Premier People:
James Mair, Clinical Lead, Australia

Premier Cultural Anchor: Aspiration

“I am always chasing new experiences, new ways to develop, new roles, and all my managers at Premier Research have been really accommodating and supportive.

I started my career doing lab work, a common choice for a lot of biologists. I was working on cutting-edge stuff, but once I got the technique down, I was really bored. I didn’t know anything about clinical research, but a good friend of mine recommended it as a potential career path and helped me find a job.

I was over the moon when Premier Research offered me my first clinical research associate (CRA) position. I was fortunate to have a great mentor, so it wasn’t long before a client agreed to have me on their study, and I was off and running. I loved the work; I loved the travel around the United Kingdom and Ireland, and I loved the culture at Premier. So, when I found I could stay with Premier, even though I was planning a move to Australia, I was thrilled.

A few flights and one holiday later, I was in Melbourne and still a Premier CRA. Unfortunately, the study I was originally allocated to was canceled by the sponsor, so I found myself less busy than usual. I really like a challenge, so I began taking on some study start-up responsibilities. One of my colleagues drafted a checklist that was incredibly helpful, covering everything from pre-award feasibility to close out. Study start-up requires an incredible amount of knowledge; it seemed that for every one thing I did, I had to ask three questions — but my colleagues were always ready to answer them.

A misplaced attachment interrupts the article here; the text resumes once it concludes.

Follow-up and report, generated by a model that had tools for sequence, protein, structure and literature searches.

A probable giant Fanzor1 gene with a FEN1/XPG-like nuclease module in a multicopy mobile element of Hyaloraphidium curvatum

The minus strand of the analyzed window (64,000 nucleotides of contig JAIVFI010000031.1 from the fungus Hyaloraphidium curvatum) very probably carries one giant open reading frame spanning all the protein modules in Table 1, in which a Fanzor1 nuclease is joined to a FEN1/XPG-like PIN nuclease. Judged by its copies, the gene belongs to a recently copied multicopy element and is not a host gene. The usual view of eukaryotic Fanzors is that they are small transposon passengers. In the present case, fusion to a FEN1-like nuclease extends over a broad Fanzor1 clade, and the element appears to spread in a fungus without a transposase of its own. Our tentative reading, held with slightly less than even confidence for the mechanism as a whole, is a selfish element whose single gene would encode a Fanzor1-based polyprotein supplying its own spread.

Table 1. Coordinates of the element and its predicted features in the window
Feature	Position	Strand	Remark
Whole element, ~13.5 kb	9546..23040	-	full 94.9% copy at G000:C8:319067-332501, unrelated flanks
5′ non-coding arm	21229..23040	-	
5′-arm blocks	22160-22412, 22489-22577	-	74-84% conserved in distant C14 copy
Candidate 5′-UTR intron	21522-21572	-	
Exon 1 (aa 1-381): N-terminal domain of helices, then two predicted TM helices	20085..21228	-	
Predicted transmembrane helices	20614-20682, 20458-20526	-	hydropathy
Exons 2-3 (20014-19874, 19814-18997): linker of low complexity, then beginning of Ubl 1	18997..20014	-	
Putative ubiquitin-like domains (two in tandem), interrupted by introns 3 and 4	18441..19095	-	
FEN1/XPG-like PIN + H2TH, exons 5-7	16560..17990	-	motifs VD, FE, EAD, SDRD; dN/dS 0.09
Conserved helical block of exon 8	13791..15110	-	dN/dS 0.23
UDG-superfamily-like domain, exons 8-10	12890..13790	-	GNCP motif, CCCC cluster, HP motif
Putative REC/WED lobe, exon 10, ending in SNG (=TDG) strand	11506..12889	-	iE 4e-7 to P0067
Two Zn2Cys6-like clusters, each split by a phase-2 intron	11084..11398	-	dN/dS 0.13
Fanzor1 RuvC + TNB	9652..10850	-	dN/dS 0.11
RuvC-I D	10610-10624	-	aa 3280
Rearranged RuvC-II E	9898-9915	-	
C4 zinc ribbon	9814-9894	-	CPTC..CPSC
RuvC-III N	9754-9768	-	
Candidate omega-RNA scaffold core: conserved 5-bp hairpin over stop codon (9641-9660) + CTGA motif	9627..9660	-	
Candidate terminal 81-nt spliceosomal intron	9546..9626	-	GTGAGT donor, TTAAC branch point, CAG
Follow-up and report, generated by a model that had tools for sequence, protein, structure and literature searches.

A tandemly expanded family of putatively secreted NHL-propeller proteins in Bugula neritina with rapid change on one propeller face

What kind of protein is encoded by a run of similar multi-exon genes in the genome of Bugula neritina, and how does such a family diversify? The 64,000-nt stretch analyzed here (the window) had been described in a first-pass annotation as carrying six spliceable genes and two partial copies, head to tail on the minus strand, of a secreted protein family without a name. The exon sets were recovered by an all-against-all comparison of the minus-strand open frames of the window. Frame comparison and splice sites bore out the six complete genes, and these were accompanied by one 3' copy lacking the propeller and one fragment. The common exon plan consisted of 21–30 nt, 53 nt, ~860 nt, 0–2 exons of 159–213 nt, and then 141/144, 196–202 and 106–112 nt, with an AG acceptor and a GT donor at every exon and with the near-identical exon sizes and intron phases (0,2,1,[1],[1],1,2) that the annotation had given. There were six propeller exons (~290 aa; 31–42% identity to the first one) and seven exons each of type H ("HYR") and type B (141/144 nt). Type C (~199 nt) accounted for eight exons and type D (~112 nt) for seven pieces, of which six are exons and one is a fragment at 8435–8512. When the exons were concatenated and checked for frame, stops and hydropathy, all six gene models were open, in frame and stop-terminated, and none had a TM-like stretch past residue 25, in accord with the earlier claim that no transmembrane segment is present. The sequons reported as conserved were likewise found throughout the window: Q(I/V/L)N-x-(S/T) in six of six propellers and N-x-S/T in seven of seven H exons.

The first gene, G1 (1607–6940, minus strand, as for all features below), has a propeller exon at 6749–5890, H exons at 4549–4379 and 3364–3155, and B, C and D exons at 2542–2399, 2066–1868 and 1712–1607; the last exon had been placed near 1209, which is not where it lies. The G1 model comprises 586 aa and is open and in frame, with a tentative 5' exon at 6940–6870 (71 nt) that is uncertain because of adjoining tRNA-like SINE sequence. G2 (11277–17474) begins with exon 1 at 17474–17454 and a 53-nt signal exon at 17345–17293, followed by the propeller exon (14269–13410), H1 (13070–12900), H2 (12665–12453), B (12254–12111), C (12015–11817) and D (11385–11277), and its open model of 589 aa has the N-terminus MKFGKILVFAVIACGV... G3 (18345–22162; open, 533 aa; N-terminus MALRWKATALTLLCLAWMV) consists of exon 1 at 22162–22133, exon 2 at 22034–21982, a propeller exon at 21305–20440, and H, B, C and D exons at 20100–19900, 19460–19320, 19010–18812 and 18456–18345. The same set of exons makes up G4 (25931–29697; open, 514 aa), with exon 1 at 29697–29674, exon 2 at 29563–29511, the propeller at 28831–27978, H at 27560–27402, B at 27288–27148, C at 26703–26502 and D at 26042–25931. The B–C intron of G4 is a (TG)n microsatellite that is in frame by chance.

Concurrently, I was the monitor on one of the studies from beginning to end. Every CRA should do both parts at some point; it helps you understand the general process, appreciate the timelines, and know what to expect in the investigator site file. Doing the two in tandem was absolutely critical to my development.

While I loved being a CRA, I wanted to do more and was ready for a new challenge. I have always excelled at understanding people and problem-solving, and I now had experience in data management, study start-up, and monitoring. A Clinical Lead position came available — which doesn’t often happen in Australia — and I felt my skills and background complemented the role. I applied, but even though I felt ready, I really didn’t have enough experience, and I did not get the position.

I was disappointed, but I didn’t let that stop me. I believe the best approach to continue developing is to dissect the feedback managers provide and actively work on it. It’s a free opportunity to highlight areas for improvement from people who have almost certainly been in the same position in the past.

With that thinking in mind, my manager and I set out a plan so that the next time a Clinical Lead role was open, I would be ready. I reached out to the Clinical Leads of all the studies I was already supporting and said, “I’m going to go for this position, and I need as much experience as possible that isn’t directly related to monitoring.” Every one of them was supportive. A big part of the Clinical Lead role is oversight, so they gave me background tasks like reviewing clinical deviations across the whole of the study to identify anomalies, then emailing the CRAs to let them know about those discrepancies.

I am incredibly grateful to have had that guidance and those opportunities from my colleagues. Within a year of my first attempt, the position became available again. I re-interviewed, now with much more role-specific experience and with much more success. I got the job. I am very aware of how much my colleagues helped me get this job, and I try to offer the same support to everyone on my team, so they all have the opportunity to grow into whatever positions they set their sights on.